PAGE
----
By Chrisl Welsch
Claudio and Roberto Sponchioni, brothers from Milan, came up with the idea for their social enterprise four years ago after facing the same problem from different angles.
Roberto was working in Dublin in information technology, and a friend asked him if he could help him with his job search. Roberto was surprised at how limited the options were online for helping his friend. There wasn’t an easy, systematic way to match his friend’s skills with what jobs might be available, nor was there a way to get a clear picture of the job market in the larger sense.
At the time, his brother Claudio was working for one of the largest European staffing firms as a project manager in Milan. And from his side of the issue — working on labour policy projects aimed at supporting ways for job seekers to get hired — he was also seeing a big gap in the market.
Together they started talking about creating an online toolbox that would help both job seekers, the institutions that serve them, and companies looking for employees. After two years of research, working nights and weekends, the result was Jobiri, a digital career advisor that uses artificial intelligence and machine learning to help job seekers and employers make a good match.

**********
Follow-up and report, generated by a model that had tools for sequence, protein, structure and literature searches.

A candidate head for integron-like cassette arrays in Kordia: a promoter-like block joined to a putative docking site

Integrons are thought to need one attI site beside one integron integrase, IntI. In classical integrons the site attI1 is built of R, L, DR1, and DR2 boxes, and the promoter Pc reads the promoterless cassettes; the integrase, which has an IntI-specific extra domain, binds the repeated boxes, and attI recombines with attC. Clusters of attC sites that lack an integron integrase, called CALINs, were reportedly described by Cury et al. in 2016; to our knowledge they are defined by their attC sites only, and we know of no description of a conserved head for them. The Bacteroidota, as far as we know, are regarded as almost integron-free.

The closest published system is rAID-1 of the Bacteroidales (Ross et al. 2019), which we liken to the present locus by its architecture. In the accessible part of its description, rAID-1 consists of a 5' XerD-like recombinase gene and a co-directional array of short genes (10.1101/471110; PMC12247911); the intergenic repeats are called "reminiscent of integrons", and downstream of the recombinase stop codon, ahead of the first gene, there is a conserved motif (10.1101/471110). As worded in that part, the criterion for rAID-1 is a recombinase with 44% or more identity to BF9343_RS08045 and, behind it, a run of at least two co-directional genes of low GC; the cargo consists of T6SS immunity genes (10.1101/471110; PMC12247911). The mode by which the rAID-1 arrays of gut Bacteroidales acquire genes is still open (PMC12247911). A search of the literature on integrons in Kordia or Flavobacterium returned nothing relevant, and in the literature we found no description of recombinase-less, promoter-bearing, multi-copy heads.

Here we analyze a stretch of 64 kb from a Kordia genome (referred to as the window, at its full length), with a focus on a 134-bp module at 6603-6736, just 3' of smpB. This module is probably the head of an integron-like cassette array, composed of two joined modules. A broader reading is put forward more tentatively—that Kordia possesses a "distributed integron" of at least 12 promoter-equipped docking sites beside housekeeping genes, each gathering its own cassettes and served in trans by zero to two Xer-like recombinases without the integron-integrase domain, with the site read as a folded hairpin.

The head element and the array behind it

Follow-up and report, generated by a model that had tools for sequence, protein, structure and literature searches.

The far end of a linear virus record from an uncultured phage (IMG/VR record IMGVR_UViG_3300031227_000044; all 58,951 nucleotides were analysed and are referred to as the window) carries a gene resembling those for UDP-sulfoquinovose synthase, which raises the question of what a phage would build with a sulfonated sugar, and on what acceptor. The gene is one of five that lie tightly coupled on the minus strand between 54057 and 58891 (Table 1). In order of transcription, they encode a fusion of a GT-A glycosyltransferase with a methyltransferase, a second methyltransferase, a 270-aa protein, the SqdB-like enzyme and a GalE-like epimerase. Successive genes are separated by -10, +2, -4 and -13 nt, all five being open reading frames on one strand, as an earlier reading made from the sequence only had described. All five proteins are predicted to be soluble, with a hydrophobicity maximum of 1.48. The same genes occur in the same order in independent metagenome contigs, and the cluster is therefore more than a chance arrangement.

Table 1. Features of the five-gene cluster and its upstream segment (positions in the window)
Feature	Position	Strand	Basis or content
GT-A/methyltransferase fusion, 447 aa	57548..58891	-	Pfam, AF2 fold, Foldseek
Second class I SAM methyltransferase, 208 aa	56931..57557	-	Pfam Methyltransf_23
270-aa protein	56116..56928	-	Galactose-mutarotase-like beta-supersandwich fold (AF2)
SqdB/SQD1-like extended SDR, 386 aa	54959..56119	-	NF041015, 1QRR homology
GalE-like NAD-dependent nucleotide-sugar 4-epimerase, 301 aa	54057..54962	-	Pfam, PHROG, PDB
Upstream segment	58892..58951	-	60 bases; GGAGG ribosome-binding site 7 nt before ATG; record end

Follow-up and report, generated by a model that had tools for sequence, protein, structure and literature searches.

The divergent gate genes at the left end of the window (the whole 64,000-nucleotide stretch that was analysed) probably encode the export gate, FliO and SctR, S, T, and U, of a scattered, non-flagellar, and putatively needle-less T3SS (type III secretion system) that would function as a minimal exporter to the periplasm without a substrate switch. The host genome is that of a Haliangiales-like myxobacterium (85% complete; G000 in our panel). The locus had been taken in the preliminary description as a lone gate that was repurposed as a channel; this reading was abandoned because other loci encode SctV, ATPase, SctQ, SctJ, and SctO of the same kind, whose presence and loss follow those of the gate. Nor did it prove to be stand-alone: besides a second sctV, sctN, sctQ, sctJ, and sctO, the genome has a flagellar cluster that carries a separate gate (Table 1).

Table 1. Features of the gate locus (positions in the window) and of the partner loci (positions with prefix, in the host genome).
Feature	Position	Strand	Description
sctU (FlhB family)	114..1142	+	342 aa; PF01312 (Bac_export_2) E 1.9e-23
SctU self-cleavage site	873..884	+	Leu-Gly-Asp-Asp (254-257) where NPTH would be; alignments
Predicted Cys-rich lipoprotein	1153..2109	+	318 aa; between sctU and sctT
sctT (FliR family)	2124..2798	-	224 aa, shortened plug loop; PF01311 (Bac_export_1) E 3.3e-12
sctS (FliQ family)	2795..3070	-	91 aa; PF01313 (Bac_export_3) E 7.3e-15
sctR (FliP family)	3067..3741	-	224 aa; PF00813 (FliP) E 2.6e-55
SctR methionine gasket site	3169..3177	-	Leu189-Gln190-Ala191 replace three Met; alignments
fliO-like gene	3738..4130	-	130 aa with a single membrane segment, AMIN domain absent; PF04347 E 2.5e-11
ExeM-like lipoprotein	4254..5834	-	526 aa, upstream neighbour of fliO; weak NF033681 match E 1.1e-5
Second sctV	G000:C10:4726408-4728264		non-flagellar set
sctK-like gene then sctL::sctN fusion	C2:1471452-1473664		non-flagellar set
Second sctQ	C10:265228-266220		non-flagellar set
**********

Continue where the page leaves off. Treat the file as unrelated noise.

“Right now the situation is very traditional,” Claudio said on a sunny summer afternoon in Jobiri’s workspace in central Milan. If you’re looking for a job and you need support, “you have to sit across from a real person who is supposed to tell you what to do, or if you do it by yourself there is a high risk that you make mistakes, waste time and lengthen the job search.” But the brothers realised that model was being overwhelmed by rising levels of demand.
“We understood there was an opportunity. … Right now people have to change jobs seven to 10 times in their lifetime,” he said. “The career support institutions — schools, staffing firms, employment centres — aren’t able to support all those people physically.”
The platform that the Sponchioni brothers built is a one-stop shop for job hunters, who pay a small monthly fee for access to the website or gain access for free through one of the institutions that serve them. In one place, job seekers can get career coaching, advice, and find job opportunities.